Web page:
Frontier spirit led to Manchester successes

October 3, 1997

CITIES seeking to boost their economies should look to education rather than the retail trade for success, say researchers.

A three-year project, supported by Tameside Metropolitan Borough Council, to find out the secret of a thriving conurbation found universities and colleges were a consistent feature.

The pattern holds true across Europe, in spite of the eagerness of many towns to replace dwindling industry with shops.

John Walker, director of the University of Manchester's archaeology unit, said: "As industry declines, higher education becomes one of the major employers, while the industrial process is backed by higher education."

He says successful industrialists over the years have chosen to invest their money in schools and cultural activities which help to create a booming city.

Working with other archaeologists and historians and concentrating on the Manchester Metropolitan area, he is trying to explain why industrial growth happens and why it changes.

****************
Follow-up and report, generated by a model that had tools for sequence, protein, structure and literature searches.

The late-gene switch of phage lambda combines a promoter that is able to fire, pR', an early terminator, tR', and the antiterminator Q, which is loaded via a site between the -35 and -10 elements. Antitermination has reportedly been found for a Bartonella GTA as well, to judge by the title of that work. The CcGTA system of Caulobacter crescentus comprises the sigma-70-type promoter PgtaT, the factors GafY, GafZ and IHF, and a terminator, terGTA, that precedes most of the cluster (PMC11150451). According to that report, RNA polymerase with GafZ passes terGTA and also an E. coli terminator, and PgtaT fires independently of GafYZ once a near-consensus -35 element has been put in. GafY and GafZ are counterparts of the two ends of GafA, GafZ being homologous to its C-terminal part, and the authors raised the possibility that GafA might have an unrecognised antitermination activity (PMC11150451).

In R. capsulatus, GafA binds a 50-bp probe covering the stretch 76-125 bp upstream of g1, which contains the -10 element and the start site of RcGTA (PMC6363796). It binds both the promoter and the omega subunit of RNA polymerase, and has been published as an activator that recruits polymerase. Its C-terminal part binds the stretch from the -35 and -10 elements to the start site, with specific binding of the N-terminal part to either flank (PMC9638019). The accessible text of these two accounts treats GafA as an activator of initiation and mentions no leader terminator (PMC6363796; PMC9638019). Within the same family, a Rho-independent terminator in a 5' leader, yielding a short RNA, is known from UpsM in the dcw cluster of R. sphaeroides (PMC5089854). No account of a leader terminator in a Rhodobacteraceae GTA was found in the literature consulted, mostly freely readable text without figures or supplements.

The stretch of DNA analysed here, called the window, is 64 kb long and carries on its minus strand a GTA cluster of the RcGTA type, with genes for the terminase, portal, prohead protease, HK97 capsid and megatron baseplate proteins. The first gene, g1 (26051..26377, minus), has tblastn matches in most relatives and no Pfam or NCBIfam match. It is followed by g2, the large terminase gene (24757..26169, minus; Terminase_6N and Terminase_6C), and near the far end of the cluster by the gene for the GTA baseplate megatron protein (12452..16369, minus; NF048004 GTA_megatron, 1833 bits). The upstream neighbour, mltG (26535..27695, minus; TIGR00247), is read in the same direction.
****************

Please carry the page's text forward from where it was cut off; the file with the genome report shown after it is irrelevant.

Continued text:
The researchers are looking at influences on the area from the Black Death to the present day in terms of physical changes to the landscape and cultural changes within society. They believe one reason for Manchester's success is its long history of individualism.

This, they say, derives from its history as a frontier land with a low population and no dominant lords or religious institutions. As a result, it became an area where people were free to be individuals yet were driven to collaborate with other people to find solutions to some problems.

Now, the researchers want to find out how conurbations like Manchester can build on this history under a new economic regime.

"We hope to show why some societies are inherently innovatory and why some are inherently conservative," said Mr Walker. Their findings should help local authorities in planning policy.

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